Making Freo Even More Bicycle Friendly- Are we ready for 30 kph speed limit?

The streets of Fremantle are reasonably bicycle friendly, if not entirely so. The City’s centre has bold bicycle signage, including on road surfaces, to remind vehicle drivers that this is a shared space. There are also separate marked bike lanes on many local streets, but not all. Sometimes cyclists are forced to divert to the nearby footpath for a safer ride. Fortunately there are also some great entirely separate shared pedestrian and cycle spaces around Freo. But those aside, just how safe do cyclists feel as they navigate Freo streets is an interesting question.

Part of the issue is the speed at which cars and other vehicles, like buses and vans and trucks, travel past cyclists. In this article Miguel Loyola, University of Sydney and John Nelson, University of Sydney address the question of vehicle speed. Slowing down traffic speed seems a no brainer in the quest for a better and safer city cycling experience.

Are Freo folk ready to support a 30 mph speed limit in popular bicycle areas? Is Main Roads WA ready to support this initiative as well? The City of Fremantle has previously shown it is, at least in the City centre.

Perhaps it is time for more research and some continued imaginative Freo thinking on this topic.

When driving near a cycle lane, do you speed up or slow down? Where you’re from may influence your answer?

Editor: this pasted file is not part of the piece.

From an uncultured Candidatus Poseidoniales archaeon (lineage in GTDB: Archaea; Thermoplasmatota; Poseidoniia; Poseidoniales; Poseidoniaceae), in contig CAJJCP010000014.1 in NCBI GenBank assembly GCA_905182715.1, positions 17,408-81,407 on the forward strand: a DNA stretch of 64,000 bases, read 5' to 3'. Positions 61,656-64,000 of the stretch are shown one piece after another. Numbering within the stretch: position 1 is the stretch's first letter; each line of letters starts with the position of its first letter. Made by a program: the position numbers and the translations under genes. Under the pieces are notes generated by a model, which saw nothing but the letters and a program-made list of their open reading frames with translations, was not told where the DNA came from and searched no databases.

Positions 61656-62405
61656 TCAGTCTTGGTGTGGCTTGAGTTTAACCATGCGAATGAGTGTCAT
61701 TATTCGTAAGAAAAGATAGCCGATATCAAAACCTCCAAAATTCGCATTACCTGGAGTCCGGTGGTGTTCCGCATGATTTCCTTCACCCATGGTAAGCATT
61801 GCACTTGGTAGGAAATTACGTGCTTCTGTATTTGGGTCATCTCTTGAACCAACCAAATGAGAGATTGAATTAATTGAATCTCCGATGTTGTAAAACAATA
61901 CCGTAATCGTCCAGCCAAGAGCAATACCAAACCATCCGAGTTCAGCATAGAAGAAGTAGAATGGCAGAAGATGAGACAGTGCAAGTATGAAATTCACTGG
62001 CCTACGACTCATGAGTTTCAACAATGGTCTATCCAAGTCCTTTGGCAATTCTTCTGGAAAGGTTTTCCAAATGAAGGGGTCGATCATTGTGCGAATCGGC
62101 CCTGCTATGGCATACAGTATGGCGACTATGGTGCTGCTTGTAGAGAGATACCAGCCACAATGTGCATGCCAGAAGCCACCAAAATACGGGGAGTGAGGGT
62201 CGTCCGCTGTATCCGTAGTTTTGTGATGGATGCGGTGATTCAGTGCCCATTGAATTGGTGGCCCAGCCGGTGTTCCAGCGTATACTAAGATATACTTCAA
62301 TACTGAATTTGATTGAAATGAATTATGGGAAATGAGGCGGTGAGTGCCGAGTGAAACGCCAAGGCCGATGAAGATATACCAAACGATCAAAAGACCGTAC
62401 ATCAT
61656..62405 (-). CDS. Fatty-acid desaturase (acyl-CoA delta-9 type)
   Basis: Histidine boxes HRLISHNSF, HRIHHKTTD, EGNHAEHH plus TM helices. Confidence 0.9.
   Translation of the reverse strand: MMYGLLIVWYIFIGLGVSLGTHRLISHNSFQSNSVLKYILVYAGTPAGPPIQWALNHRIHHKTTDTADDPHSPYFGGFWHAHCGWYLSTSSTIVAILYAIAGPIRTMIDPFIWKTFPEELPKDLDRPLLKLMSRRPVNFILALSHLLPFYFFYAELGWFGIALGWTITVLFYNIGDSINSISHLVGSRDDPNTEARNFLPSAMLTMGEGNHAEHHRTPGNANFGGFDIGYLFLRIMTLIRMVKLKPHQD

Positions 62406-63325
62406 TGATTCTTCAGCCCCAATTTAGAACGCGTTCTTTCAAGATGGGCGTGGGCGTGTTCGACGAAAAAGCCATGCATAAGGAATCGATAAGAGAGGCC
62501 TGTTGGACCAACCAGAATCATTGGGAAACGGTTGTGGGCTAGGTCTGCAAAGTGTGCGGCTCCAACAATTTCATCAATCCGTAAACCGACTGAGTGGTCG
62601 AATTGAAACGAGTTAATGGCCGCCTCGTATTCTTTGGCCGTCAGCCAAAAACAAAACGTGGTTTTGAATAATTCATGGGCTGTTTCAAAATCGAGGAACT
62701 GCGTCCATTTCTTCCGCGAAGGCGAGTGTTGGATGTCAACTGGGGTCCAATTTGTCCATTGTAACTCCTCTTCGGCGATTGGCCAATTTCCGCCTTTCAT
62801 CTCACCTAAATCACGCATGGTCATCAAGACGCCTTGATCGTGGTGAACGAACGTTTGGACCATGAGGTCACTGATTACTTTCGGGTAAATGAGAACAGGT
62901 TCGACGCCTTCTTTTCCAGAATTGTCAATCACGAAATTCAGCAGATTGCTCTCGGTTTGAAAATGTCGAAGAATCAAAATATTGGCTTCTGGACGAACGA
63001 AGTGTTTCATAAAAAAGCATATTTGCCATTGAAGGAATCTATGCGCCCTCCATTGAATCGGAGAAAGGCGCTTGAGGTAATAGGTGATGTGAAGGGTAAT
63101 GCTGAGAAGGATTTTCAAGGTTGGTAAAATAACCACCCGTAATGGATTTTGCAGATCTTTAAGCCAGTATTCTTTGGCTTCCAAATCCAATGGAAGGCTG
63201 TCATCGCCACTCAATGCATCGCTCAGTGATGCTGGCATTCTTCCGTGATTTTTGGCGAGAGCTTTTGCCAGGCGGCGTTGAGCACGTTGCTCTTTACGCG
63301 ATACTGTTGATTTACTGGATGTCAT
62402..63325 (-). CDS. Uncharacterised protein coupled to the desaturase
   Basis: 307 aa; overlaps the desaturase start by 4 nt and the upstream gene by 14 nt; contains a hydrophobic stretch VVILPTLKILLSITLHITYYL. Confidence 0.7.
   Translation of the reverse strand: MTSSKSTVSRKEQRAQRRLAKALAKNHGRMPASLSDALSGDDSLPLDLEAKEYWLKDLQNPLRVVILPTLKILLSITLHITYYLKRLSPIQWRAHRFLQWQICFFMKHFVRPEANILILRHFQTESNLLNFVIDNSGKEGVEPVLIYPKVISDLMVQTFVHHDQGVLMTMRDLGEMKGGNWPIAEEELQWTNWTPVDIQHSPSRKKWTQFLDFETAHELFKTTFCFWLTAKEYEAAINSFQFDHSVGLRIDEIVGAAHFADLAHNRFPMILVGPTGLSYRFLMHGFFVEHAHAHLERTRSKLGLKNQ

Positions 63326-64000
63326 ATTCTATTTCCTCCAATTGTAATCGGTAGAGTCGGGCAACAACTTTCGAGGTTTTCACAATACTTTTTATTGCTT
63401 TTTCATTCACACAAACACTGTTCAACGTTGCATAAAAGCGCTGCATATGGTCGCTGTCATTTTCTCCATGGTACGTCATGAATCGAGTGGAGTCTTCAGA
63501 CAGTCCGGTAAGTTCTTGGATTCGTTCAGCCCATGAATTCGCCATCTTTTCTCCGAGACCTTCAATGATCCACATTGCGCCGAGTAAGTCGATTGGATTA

Here’s a gallery of some of the Fremantle streets cyclists navigate daily.

There are clear economic, environmental, safety and health benefits to getting people cycling more, but research shows would-be cyclists are reluctant to start without good cycle paths.

The problem for planners and policymakers is many Australians oppose cycle lanes, believing they’ll only force drivers to drive more slowly and extend travel times.

But our new study, published in the journal Accident Analysis and Prevention, suggests not everyone around the world sees cycle lanes this way.

We found people in the United Kingdom and Australia typically misunderstand the impact cycle lanes have on speed limits – wrongly believing the addition of a cycle lane means cars would inevitably need to go more slowly.

To be clear, nobody is suggesting you should hit the accelerator and drive aggressively fast near cyclists. But if there is a safe cycle path that affords good distance between cars and bikes, there’s no reason the addition of a cycle path should necessarily slow down traffic.

Misunderstanding around this issue may be fuelling avoidable opposition to cycling infrastructure.

Speed limits: a matter of perception

Our study involved 1,591 participants in the Netherlands, the UK and Australia. These three countries have similar speed limits in urban areas (50km/h), but the Netherlands has lower speed limits of 30km/h in residential areas.

First, we showed the study participants 15 pictures of streets without cycle lanes and asked them to estimate what the speed limit would be in these streets.

Interestingly, participants from the Netherlands always estimated much lower speeds for these pictures than their UK or Australian counterparts did.